Label Content="{Binding Left}"

The child window contains a label that constantly displays the Left of the parent.

The solution is not fool-proof. It has certain limitations, the major one being the binding breaks when you move the child window. For this to work, you cannot move the child window manually. This could easily be fixed by handling the LocationChanged event and re-binding the Left and Top elements. If you do this, you also need to use a flag to determine if the LocationChanged was triggered by binding, in which case you ignore or if the user movement has caused this. I have not bothered to show the code, but if you do not get the idea, feel free to post it on MSDN Social forums for WPF or post a comment on this post. This being said, the ChildWindow size has to be less than that of the ParentWindow so that you can move the parent without having to touch the child window.

Alternatively, if you set initial position of the child window, then you can use the same idea to relatively set the Left and Top of the child. You might also want to take a look at the WindowStartupLocation enumeration on the Window class.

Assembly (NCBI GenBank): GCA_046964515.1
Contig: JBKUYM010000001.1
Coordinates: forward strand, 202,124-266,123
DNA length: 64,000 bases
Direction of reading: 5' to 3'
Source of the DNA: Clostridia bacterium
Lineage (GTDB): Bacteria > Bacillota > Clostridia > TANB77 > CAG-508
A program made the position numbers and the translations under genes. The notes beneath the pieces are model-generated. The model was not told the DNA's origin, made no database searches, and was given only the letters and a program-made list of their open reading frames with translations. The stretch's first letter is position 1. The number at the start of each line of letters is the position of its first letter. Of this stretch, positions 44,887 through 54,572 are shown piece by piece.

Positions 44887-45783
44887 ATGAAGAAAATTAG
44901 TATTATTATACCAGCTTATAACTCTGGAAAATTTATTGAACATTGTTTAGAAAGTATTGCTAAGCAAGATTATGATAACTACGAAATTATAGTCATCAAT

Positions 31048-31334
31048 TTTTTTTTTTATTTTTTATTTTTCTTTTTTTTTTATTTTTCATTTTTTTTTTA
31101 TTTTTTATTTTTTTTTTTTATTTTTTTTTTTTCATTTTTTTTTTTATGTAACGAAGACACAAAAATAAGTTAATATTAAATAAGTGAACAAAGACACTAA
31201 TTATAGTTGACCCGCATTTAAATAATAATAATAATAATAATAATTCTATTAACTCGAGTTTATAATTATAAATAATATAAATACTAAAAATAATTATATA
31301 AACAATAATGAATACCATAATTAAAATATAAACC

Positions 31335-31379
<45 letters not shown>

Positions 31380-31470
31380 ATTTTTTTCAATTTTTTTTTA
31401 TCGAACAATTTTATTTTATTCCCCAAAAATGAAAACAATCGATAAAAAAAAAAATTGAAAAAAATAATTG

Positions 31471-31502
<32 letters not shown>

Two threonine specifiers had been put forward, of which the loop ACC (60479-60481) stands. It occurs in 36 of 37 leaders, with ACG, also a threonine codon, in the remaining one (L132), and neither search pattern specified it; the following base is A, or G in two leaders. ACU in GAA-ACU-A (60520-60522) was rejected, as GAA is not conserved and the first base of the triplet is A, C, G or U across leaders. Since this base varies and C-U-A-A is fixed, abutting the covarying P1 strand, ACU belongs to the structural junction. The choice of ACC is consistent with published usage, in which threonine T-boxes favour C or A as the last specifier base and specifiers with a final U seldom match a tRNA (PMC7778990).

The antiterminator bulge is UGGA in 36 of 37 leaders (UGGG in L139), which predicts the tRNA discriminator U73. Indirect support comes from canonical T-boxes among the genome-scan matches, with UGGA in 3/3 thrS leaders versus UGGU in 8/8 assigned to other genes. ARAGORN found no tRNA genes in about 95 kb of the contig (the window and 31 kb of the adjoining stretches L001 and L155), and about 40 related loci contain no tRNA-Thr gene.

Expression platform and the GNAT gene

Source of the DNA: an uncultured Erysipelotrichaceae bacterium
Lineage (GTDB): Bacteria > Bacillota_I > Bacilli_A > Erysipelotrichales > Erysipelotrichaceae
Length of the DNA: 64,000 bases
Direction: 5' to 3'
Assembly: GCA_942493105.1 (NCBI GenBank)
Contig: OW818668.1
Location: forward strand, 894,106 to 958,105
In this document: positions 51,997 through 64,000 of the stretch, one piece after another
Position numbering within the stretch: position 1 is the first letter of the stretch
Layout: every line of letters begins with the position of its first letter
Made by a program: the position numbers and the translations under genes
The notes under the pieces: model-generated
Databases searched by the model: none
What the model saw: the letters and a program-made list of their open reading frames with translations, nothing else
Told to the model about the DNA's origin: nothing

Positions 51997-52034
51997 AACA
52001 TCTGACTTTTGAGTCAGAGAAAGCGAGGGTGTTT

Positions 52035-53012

Monday, October 27, 2008

MSDN Question on WPF: How to decrease font-size automatically so that it fits completely inside a label?

I came across an interesting question on WPF forums. A user has a fixed size label which text can be very large. But since the size of the label is fixed, the text gets truncated which he does not want. The user wanted to automatically decrease the font-size such that it fits into the label completely.
One solution is to write some code to determine the available space and based on the space available use FormattedText and set the text dynamically. But I devised an easier solution.
There is a container in WPF called ViewBox which automatically scales the content inside such that it fits into the space completely. The idea is to use this ViewBox inside the template of the Label. The XAML code that does this is shown.

<Label Width="200" Height="300" Content="This is a very long text that you would be using to set the control text">
Content="{TemplateBinding Property=ContentControl.Content}" />

Now, when you run an application hosting such a label, the screenshots are shown.


The same application with much longer text is shown below.

Hope this would be helpful to many!

Friday, October 24, 2008

Visual Tree Helper Methods

Shown below are two useful methods that works on a VisualTreeHelper class and makes it easy to access elements that are otherwise not easy to access. I would show you concrete examples to use it later, but for now here is the code for the two methods.